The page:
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Elizabeth Warren has told the Democratic National Convention that President Barack Obama fights for the middle class while Mitt Romney just wants to cut taxes for the rich.
Elizabeth Warren has told the Democratic National Convention that President Barack Obama fights for the middle class while his Republican opponent, Mitt Romney, just wants to cut taxes for the rich and big corporations.
In what the Boston Herald described as "a blistering attack on Wall Street CEOs" and Romney, Warren told delegates:
"The Republican vision is clear: 'I've got mine, the rest of you are on your own.'"
The Harvard Law School professor and Massachusetts Senate hopeful said that for years America's middle class had "been chipped, squeezed and hammered," and that Obama "gets it," the Associated Press reported.
His empathy derived from a life of working for the middle class, she said.
Warren, an expert on bankruptcy law, said Romney's economic plans meantime would adversely impact the middle class, particularly his proposed financial reforms, changes to Medicare and Obama's health care law.
She painted a grim portrait of Republican support for rich corporations and the financial industry.
"Wall Street CEOs — the same ones who wrecked our economy and destroyed millions of jobs — still strut around Congress, no shame, demanding favors, and acting like we should thank them. Anyone here have a problem with that?"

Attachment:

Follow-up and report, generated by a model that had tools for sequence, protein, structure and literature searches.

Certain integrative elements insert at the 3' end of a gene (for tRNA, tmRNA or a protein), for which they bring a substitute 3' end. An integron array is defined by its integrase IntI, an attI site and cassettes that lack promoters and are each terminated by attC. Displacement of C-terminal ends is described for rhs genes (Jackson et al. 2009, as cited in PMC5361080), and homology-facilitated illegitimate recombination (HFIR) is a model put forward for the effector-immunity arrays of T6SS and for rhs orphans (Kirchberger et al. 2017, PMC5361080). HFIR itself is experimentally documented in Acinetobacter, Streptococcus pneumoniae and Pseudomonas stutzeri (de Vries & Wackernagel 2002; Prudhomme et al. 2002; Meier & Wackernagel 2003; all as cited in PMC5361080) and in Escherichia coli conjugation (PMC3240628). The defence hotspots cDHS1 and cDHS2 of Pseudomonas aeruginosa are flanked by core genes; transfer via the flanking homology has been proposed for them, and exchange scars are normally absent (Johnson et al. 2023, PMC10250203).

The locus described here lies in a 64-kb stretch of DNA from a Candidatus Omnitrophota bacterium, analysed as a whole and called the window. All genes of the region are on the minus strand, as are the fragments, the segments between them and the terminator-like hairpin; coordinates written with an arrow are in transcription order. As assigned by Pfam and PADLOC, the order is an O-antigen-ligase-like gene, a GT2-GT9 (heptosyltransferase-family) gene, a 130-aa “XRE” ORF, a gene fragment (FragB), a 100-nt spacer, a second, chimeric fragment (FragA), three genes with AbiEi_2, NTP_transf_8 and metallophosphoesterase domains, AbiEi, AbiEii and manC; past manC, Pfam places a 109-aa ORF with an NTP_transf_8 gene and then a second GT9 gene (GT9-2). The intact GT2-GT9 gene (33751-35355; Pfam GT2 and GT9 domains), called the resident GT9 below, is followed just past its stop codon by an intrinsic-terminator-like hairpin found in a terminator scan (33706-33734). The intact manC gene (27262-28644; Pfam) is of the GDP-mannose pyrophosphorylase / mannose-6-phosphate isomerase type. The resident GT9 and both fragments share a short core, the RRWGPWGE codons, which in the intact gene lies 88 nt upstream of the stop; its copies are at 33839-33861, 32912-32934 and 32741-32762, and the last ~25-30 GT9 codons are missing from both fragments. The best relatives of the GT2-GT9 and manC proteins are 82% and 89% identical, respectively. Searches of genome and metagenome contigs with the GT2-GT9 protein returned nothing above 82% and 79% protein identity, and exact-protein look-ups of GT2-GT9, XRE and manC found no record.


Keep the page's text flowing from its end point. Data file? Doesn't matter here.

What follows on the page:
Warren's appearance at the DNC indicates the the Democratic party's faith in her ability to wrest the Massachusetts Senate seat from Scott Brown.
However, the Boston Herald noted, Warren did not once mention Brown in her speech, and made only a brief mention of the Massachusetts Senate race.
Instead, she focused on national themes of economic justice and a “level playing field” for the middle class.
According to NBC, only a "certifiable rising star" in the party gets to address the convention in prime time — as did Obama at the 2004 convention in Boston.
NBC described Warren as "a kind of cult hero to progressive Democrats across the country," whose "passionate national following is reminiscent of the fervor that Howard Dean inspired in his bid for the Democratic nomination in 2004."
Her appeal, the network surmised, arose from the 2008 financial crisis and her role in pushing for creation of the Consumer Financial Protection Bureau.
The Washington Post ran excerpts from Warren's speech.